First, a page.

August 14, 2018 report
Study suggests palm oil cultivation in Africa could further endanger primates
An international team of researchers has found that there are few areas where palm oil cultivation could be undertaken in Africa that would not cause harm to native primates. In their paper published in Proceedings of the National Academy of Sciences, the group describes their study of data pertaining to the suitability of palm oil cultivation and primate vulnerability in Africa, and what they found.
In recent years, palm oil has become more valuable. In addition to being used as a food additive (it is also in such products as cosmetics and soaps) it has now become an important ingredient it many biofuels. Palm oil comes, quite naturally, from the oil palm tree, which is native to West Africa. But it was migrated to Malaysia and Indonesia many years ago, and those two countries are now the main exporters of the oil. But that is likely to change, because land for growing the trees has become scarce in those countries. For that reason, producers have begun to take a serious look at establishing plantations in Africa. In this new effort, the researchers suggest that doing so will cause even more problems for at-risk native primate populations. The problem is that many of the primates living in Africa, inhabit areas that are most suitable for palm oil cultivation.
To learn more about the possible impact of palm oil cultivation in Africa, the researchers pulled statistics from databases containing information on palm oil production and primate vulnerability in Africa—comparing the two showed that there are very few places in Africa where palm oil could be cultivated without harming primates (it amounted to just 0.13 million hectares). One of the few exceptions was one part of Madagascar. They further note that there are almost 200 primate species living in Africa, and many of them are living in areas of overlap—land suitable for both primates and oil palm cultivation. They suggest that destroying habitat for the sake of palm oil cultivation would further endanger the primates living there. They further suggest that changes be made to palm oil cultivation practices to reduce the impact on the local environment. They also note that consumers can help by refusing to buy products that contain palm oil produced in ways that harm primates.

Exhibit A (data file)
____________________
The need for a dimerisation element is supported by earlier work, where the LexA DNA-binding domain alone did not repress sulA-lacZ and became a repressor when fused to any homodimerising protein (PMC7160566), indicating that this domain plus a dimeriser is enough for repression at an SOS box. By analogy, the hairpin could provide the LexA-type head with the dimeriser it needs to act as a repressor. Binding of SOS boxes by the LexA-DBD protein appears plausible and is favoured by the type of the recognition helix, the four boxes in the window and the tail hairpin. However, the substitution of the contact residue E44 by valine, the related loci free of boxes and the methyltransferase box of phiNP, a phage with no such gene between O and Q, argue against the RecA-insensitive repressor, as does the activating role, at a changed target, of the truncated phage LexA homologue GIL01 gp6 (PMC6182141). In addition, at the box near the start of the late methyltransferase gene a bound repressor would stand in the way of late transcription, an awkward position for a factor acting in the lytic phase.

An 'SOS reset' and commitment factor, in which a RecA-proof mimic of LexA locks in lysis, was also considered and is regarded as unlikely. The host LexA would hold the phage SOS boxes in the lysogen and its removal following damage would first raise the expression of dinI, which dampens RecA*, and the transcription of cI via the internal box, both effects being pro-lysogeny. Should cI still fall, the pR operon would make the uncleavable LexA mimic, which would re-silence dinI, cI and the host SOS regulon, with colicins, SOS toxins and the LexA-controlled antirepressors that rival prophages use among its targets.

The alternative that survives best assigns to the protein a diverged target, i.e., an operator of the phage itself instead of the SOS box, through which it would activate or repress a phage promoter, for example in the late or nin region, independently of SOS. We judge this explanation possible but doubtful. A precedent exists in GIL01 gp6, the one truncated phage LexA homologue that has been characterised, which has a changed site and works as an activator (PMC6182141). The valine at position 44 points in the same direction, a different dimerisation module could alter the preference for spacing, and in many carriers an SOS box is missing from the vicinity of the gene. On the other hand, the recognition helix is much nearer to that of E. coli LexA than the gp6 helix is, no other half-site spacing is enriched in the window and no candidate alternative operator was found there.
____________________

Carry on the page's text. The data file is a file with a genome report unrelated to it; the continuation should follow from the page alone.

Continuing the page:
Despite growing awareness about its detrimental effects on tropical biodiversity, land conversion to oil palm continues to increase rapidly as a consequence of global demand, profitability, and the income opportunity it offers to producing countries. Although most industrial oil palm plantations are located in Southeast Asia, it is argued that much of their future expansion will occur in Africa. We assessed how this could affect the continent's primates by combining information on oil palm suitability and current land use with primate distribution, diversity, and vulnerability. We also quantified the potential impact of large-scale oil palm cultivation on primates in terms of range loss under different expansion scenarios taking into account future demand, oil palm suitability, human accessibility, carbon stock, and primate vulnerability. We found a high overlap between areas of high oil palm suitability and areas of high conservation priority for primates. Overall, we found only a few small areas where oil palm could be cultivated in Africa with a low impact on primates (3.3 Mha, including all areas suitable for oil palm). These results warn that, consistent with the dramatic effects of palm oil cultivation on biodiversity in Southeast Asia, reconciling a large-scale development of oil palm in Africa with primate conservation will be a great challenge.
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